Monday, May 07, 2007

He could make anyone love geometry

kw: book reviews, nonfiction, biographies, geometry, polyhedra

One of these times, I'll post a picture gallery of some of my mobiles. Although Calder is a favorite artist of mine, I don't make mobiles in the abstract way he made famous. As a lover of geometry, I make them very regular. I even have a spreadsheet with formulas for working out the length ratios for various kinds. For example, sometimes I use Fibonacci ratios for the lengthening support wires, sometimes a more pure geometric sequence. They also represent fractals, with a dimension in the range 1.4-1.7.

My favorite, which hangs in my office, is made with skeletal polyhedra. All the 5 "regular solids", of course, plus four other mixed-face shapes. Now, I find myself wondering why I never learned before of the king of polyhedra, Donald Coxeter. The recent biography, "King of Infinite Space: Donald Coxeter, the Man Who Saved Geometry" by Siobhan Roberts, is shelved as a math book, but clearly belongs in the BIOG section of the library.

HSM Coxeter ("Donald" is from his third name, MacDonald) lived nearly the entire 20th Century, and three years into the 21st. By the time he was seventy, people that met him were astonished that this legend still lived. By the time he was 95, their children or grandchildren shared the experience. He lived 96 years, and just two days before he died, he put the finishing touches on his last monograph, titled "An Absolute Property of Four Mutually Tangent Circles," a breakthrough paper published in 2005.

Not for him, the usual "burn out young" mathematical career. He was productive for some eighty years...phenomenally productive. A classical geometer in an age of "new math" and "down with triangles", he is solely responsible for the resurgence of geometry that has revivified math, cosmology and physics since the 1970s. It is to "Coxeter groups" that we owe the efficiency of modems, and his masterwork "Regular Polytopes", published in 1948, underlies recent theories of the "shape" of the Universe.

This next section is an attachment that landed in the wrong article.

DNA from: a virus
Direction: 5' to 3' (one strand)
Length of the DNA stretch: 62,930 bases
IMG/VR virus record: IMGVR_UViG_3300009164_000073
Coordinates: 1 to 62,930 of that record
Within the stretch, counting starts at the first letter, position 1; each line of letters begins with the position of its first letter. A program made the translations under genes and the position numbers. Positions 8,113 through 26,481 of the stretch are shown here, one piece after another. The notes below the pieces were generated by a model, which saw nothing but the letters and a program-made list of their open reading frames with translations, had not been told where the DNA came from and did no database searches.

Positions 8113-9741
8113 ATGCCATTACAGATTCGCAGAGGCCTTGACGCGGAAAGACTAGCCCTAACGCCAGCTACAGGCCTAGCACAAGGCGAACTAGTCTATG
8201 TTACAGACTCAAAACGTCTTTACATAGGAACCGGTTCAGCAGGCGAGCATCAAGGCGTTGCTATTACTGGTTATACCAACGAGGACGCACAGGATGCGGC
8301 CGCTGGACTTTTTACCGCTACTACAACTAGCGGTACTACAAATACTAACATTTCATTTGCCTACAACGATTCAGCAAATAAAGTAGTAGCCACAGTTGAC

What is a polytope? It is a generalization of a polyhedron into more than three dimensions. This image shows Coxeter with George W. Hart at a conference at which many polyhedral models, most inspired by his work, were displayed. A plane figure is a polygon (gon = side); a 3-D shape made of several or many polygons is a polyhedron (hedron = face). The suffix tope means place.

The five "regular solids" are the Tetrahedron, composed of four equilateral triangles, the Cube or Hexahedron, composed of six squares, the Octahedron, composed of eight equilateral triangles, the Dodecahedron, composed of twelve pentagons, and the Icosahedron, composed of twenty equilateral triangles.

This figure shows one way to represent a 4-D polytope called the 11-cell. It is a regular polytope whose eleven topes or cells are icosahedra. The colored square next to each of the eleven shapes shows which face it attaches to on the other ten, and the numbering is used to indicate orientation. You gotta think in four dimensions to figure it out, which I can't do. Click for a large view.

Somehow, Coxeter and others can think in almost any number of dimensions, and get useful results. His "Coxeter graphs" are a compact notation of the symmetry of a kaleidoscope in any number of dimensions, that would show some regular polytope (I'm really getting to the limit of my understanding here...).

The one called "The Coxeter Graph", however, as shown here in four different arrangements, has a use I really don't comprehend, but was a discovery that tickled him so much that he wrote of it under the title "My Graph".

Though I have mentioned a few uses of his work, he didn't care much for its usefulness. He was the epitome of a pure mathematician, and sometimes retorted rather sharply when a practical application of his work was described.

Although he was typically cordial, even affable, he bore fools not at all, and reading between the lines of the text, one finds that he could be a bit of a jerk. Or perhaps that term is too harsh. Perhaps he is more like a colleague of mine, who tends to roam the halls when thinking hard. He'll run right over you if you don't step quickly; he simply doesn't see you. Coxeter's geometric vision was vastly wide, but in the rest of life, his tunnel vision was legendary.

These scattered reflections sadly belie the quite comprehensive narrative that Ms Roberts has produced. A biography of Coxeter has been long overdue, and I am grateful to make his posthumous acquaintance.

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